TAMPA - A group of high school seniors at Plant High School drink plenty of water. But they enjoy other beverages as well like energy drinks, Hadley Curtiss said, "It makes me feel more awake and not so tired," he said.
Brittany Rudolph will indulge in more than one can of her favorite drink. "It adds a little step to my day," she said.
But, exactly how much caffeine could these teens be consuming? Dr. Christine Canody said it's an alarming amount no matter which brand you choose. "It is about 6 or 7 soft drinks all in one or as potent as 5 cups of coffee," she said.
The problem: soda is regulated by the FDA because it falls under a food category. Energy drinks are marketed as dietary supplements, so they can packed with almost anything the manufacturer wants.
"So the fact they are not regulated for children poses even higher risk for children because of the potent affects of caffeine in uncontrolled doses," Canody said.
Most energy drinks have some type of warning, including "not recommended for children." But, experts feel many of those have been ignored, especially by teenagers.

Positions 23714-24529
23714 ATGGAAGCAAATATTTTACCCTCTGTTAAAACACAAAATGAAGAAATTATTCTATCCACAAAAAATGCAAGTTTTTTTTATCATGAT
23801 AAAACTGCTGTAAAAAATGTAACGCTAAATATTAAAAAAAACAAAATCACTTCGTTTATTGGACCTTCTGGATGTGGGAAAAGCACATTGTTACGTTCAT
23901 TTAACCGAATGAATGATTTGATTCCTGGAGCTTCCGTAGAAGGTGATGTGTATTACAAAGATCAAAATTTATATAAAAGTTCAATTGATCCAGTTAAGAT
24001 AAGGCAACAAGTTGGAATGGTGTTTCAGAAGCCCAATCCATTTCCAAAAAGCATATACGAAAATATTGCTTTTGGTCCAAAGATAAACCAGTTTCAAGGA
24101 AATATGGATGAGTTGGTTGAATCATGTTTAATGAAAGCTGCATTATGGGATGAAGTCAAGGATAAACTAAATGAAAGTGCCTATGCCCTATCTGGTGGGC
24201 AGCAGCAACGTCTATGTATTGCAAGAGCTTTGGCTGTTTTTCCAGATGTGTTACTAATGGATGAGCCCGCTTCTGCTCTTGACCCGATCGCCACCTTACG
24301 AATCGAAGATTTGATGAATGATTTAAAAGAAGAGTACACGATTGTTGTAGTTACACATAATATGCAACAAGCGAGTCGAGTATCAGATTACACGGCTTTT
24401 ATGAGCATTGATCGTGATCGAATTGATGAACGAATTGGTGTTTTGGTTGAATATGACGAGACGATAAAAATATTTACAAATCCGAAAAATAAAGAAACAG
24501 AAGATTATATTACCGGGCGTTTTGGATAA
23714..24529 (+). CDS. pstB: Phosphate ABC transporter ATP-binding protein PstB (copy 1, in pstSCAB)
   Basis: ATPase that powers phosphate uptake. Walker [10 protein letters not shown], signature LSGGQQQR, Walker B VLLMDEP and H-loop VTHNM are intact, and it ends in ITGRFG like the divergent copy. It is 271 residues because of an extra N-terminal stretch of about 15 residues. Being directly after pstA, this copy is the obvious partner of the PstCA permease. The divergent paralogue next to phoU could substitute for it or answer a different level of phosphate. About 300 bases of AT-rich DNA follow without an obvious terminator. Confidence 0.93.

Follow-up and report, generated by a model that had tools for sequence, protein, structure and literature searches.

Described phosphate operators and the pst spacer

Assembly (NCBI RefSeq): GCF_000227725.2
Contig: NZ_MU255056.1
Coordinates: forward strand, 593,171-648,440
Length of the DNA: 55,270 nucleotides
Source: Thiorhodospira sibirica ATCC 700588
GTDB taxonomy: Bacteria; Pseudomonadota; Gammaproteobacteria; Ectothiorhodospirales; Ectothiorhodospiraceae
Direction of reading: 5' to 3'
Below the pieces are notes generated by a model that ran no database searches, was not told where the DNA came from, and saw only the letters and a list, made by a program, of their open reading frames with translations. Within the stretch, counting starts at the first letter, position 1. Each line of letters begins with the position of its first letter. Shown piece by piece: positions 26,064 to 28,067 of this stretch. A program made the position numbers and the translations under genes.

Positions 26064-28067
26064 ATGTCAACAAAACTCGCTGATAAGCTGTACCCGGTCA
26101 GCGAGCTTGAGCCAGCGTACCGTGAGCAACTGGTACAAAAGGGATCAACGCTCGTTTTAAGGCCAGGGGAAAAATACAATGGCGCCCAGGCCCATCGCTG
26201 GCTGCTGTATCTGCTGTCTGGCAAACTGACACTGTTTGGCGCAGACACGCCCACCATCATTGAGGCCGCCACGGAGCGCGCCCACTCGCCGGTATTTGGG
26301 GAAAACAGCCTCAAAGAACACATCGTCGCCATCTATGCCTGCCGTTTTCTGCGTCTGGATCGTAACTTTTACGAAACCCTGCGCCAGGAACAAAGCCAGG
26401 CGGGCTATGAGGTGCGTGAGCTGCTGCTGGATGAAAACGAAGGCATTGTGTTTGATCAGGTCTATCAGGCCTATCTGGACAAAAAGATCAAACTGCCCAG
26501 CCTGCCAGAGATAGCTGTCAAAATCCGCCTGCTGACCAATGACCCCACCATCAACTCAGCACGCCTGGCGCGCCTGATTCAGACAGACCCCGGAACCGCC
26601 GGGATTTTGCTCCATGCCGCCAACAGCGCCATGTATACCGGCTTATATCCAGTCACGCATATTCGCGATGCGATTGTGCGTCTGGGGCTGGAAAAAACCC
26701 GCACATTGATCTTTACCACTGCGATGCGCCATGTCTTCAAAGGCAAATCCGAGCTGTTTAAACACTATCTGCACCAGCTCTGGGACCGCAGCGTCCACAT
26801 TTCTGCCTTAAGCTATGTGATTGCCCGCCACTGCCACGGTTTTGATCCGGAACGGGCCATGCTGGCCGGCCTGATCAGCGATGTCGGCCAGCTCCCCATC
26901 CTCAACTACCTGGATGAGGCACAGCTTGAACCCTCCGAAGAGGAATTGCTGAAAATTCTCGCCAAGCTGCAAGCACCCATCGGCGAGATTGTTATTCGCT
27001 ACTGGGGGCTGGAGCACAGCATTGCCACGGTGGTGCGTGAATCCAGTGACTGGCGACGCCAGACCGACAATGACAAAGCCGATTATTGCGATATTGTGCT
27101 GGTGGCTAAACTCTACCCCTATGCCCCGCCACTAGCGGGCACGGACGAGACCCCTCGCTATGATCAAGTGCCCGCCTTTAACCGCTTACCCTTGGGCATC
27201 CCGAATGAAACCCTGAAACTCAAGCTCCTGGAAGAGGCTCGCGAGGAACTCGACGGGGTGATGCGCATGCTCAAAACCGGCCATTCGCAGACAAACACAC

A new study by the American Academy of Pediatrics, a board of more than 60,000 doctors, is asking Doctor's like Canody to include warnings about energy drinks during doctor visits.
Canody thinks it's a great idea. "We have seen more anxiety because of it more mood disorder some kids can actually become psychotic with caffeine and in rare cases fatalities."
Back in May, ACTION NEWS told you about Drew James, a 19 year old from Nassau County. His mother Cheryl is convinced her son died by consuming to much caffeine in energy drinks.
The medical examiner wouldn't answer our questions but did list cardiac arrhythmia as a contributor to his death.
Canody hopes this new recommendation will make more people aware. "I think anything we can do is a help," she said.
Judging by Hadley and Brittany's response, a simple warning from a doctor may go a long way.
"If a doctor said they are kind of dangerous, yes! Yeah I would stop." Hadley said
Brittany added, "I would definitely follow what the doctor said because they are not saying it for nothing. So yes."
Copyright 2011 Scripps Media, Inc. All rights reserved. This material may not be published, broadcast, rewritten, or redistributed.
The I-Team was there when 99-year-old Willi Berchau was released from Florida's guardianship program after a three-year court battle. The I-Team has now learned that a local non-profit group has been established to assist other families.